ESPN has released Major League Baseball (MLB) attendance figures through last weekend, and it’s no surprise that the AL East-leading New York Yankees top...

ESPN has released Major League Baseball (MLB) attendance figures through last weekend, and it’s no surprise that the AL East-leading New York Yankees top the list. After 138 games, the Yanks attracted a total of 3.3 million fans so far this season, with a leading average home crowd of 46,365 or 88.6 percent capacity, and an away average of 34,933, or 78.6 percent capacity. The team’s average crowd over both home and away games was 40,898, or 84.2 percent.

But the best attended team in baseball is not the leader when it comes to filling a stadium to capacity. That title belongs to NL East leaders the Philadelphia Phillies, which filled an average of 45,028 seats at home, or 103.5 percent. The Phillies also led in overall crowd capacity, selling an average of 39,158 seats overall, a percentage of 89.7 percent. The team came in third for total audience for the season at 3.15 million as well as filling away game seats to capacity, at 33,203 or 75.8 percent.

Though their season has been a bit of a disappointment, the Los Angeles Dodgers had impressive numbers as well, coming in second for total seats filled at 3.2 million and having the second best away game average capacity filled, at 33,966 or 77.6 percent.

Philadelphia wasn’t the only team to reach over 100 percent capacity for home games. The Boston Red Sox averaged 37,619 tickets or 101 percent at home, and AL Central leaders the Minnesota Twins made it to 39,776 or 100.7 percent.

Those teams not faring so well as playoff season approaches include AL Central cellar-dwellers the Cleveland Indians, which came in last for both total crowd (1.2 million) and for average home capacity filled (17,277 or 39.8 percent). The Toronto Blue Jays can claim the title of lowest overall percentage of capacity filled, with an average of 24,280 or 51.2 percent.

The Tampa Bay Rays, which sit in second place in the AL East, remain unable to generate ticket sales consistent with their performance, with 1.6 million tickets sold all season and the lowest crowd capacity for away games at 26,375, or 59 percent. Similarly, the NL East’s second place Atlanta Braves have sold only 2 million tickets so far, filling home stands to a capacity of 60.1 percent and over all games to 66.4 percent. Their away games seem to be drawing more fans than their home games, filling a respectable 73.6 percent of capacity. The AL West-leading Texas Rangers are posting similar numbers, in the low 60’s for home, away and overall percentage of capacity.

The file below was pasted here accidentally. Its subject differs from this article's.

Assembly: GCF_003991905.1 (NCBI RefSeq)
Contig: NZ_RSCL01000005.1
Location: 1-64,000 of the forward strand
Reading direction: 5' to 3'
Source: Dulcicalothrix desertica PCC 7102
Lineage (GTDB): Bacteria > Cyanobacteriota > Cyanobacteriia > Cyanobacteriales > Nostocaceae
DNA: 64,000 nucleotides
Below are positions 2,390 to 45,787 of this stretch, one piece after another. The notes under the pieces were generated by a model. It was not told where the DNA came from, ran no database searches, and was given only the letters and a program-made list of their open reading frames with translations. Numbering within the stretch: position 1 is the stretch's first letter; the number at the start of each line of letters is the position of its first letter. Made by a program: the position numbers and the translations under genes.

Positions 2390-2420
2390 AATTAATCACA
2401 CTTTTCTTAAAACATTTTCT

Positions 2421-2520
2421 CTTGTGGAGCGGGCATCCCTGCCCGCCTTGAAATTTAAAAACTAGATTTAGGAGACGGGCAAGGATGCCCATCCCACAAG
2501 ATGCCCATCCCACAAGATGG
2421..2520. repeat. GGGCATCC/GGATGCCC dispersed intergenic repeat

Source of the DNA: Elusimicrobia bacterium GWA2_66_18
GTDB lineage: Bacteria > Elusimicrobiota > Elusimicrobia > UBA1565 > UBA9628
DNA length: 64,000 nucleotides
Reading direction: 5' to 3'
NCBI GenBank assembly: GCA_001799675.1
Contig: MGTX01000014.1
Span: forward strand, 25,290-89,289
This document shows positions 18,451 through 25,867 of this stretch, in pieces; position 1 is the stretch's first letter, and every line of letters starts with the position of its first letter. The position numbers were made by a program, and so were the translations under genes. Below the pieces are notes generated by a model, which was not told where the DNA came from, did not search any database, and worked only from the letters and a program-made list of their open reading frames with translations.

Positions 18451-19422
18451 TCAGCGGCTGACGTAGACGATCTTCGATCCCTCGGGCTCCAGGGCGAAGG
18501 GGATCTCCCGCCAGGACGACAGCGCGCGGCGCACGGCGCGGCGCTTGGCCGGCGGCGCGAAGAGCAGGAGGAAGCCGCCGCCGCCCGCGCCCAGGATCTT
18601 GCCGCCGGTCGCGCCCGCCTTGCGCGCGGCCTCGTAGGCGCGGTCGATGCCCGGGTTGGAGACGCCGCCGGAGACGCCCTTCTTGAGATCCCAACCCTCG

A total of eight teams hit 85 percent capacity for home games, with only two, the Phillies (89.7 percent) and the Red Sox (85 percent) hitting that mark overall. No teams made it to 85 percent or higher for away games, with the best number being posted by the Yankees at 78.6 percent for away games.

Eleven teams are at or below 60 percent capacity for home games, including the Indians, Tampa Bay, the Oakland Athletics, Toronto, and the Florida Marlins. Over all games so far, seven teams came in at or below 60 percent capacity.

Dan Chandler, CEO of TriFectaTickets and its Web site Bubba’s Got Tickets, sees a similar picture of who is leading in secondary sales.

“It’s no secret; the Yankees are number one in baseball sales in the secondary market.” Chandler does, however, see a surprise trend in September. “If you look at the Braves, they are up on top of the sales. For the month of September, the Braves are leading the Yankees. [Though] they are not leading in attendance, the Braves have taken the lead over the Yankees because people are excited again, because they are playing better baseball.” Chandler also sees stronger sales for the Twins and the division-leading Rangers at this point in the season.

Christian Anderson, head of corporate communications for FanSnap, notes generally the same scenario occurring at the ticket search engine. “This year is really no different from prior years”, he said, adding that the teams which are doing well as playoffs approach are selling well, while others are not. “Teams like the Yankees and Phillies are seeing ticket market prices go up by three times and four times as the playoffs near.”

Last Updated on September 23, 2010 by By Kelly McWilliams